Is there such a thing as a "trade mark bully"? The issue of trade mark bullying featured on the International Trademark Association Meeting's programme this year as a Monday afternoon session in which, regrettably, the only participants were drawn from the United States -- a jurisdiction in which, it appears, bullying is perceived as a remote theoretical possibility and as an issue of professional ethics rather than commercial survival for small brand-owners. According to the programme:
"The concept of “trademark bullying” has been a hot topic recently and complaints of overly aggressive intellectual property enforcement are not new. But recently, legislation has been proposed to curb trademark bullying and the USPTO [that's the United States Patent and Trademark Office] (with INTA’s participation) has issued a report on the perceptions within the trademark community about the issue.If this hot topic was erupting when the programme was printed, its volcanic lava had turned to pumice stone by the time we got to Dallas. Trade mark attorney Ron Coleman tweeted on an apparent mismatch of expectation and interest: this session was allocated one of the largest conference rooms available, but it was 75% empty. He added: "Balanced presentation at #TMbullying session despite inability to find an actual example of bullying ...". Then, tweeting in his blog persona of @likely2confuse, Ron added: "Panel on #TMbullying over early. No one had a question for the panel".
This panel of in-house and outside counsel will delve into the ethics of the issue and will examine the interplay between trademark bullying and professional responsibility rules. Speakers will look at the applicable bodies of ethics law and attempt to answer the question of when zealous representation crosses the line into unethical conduct".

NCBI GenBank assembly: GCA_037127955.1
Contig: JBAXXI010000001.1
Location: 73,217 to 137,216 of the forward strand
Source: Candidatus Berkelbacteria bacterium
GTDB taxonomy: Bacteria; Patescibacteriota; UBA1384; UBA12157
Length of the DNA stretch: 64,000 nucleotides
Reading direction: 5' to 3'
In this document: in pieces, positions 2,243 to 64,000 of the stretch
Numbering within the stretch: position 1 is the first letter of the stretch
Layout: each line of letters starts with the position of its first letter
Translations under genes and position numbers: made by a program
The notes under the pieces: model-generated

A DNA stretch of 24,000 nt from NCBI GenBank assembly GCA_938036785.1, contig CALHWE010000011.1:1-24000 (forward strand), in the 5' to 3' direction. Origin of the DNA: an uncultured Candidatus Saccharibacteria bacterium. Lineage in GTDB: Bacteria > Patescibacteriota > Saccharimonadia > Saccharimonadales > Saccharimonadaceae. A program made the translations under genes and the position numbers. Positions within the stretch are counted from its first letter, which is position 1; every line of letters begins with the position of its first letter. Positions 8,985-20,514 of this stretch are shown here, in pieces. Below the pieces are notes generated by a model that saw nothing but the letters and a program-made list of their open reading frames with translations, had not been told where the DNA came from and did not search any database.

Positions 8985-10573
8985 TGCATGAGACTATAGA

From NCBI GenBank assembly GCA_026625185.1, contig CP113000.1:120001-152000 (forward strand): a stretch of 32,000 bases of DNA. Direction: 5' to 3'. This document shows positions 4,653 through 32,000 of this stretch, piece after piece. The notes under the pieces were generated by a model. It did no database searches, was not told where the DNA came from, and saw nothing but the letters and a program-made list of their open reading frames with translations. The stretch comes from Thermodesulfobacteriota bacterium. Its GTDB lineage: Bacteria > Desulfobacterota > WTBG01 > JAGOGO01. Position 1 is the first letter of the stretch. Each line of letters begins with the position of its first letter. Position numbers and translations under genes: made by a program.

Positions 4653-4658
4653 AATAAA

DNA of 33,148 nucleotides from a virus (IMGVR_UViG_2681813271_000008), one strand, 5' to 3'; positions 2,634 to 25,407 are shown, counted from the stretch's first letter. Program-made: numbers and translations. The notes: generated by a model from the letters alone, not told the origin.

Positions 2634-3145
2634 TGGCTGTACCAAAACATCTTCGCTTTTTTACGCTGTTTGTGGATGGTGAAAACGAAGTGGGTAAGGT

This Kat dearly wishes that he had been there since, together with some of his readers, he has been working to help some of the victims of trade mark bullying on his side of the Atlantic, one instance of which fortuitously hit the headlines this very week.
|Inez and Gus, outside their old shop,|
display their merchandise
"A couple locked in a five-year legal battle with the organisers of one of the world’s most prestigious football awards have taken their fight to use the trademark Golden Balls to Europe’s highest court.
Inez and Gus Bodur, who run sportswear brand Golden Balls, have spent the last five years defending the company’s trademark after the FIFA Ballon d’Or – a globally-recognised football award given to the planet’s best footballers – claimed Golden Balls infringed their copyright [explanatory note: it is a well-established tradition, almost bordering on a legal duty, for British journalists to confuse trade marks and copyright at least once in every published news item].
On Tuesday, the couple, both aged 49, flew to Luxembourg for a hearing at the Court of Justice of the European Union [The hearing was before the General Court. There remains the option of an appeal to the Court of Justice itself].
Mr Bodur, who was forced to close the Golden Balls store in West End Lane, West Hampstead, in 2010 because of the costs of fighting the case, said: “The bottom line is that Ballon d’Or translates as ball of gold or balloon of gold – that is a direct translation. Golden Balls is plural and there is no similarity. There is absolutely no confusion to be made.”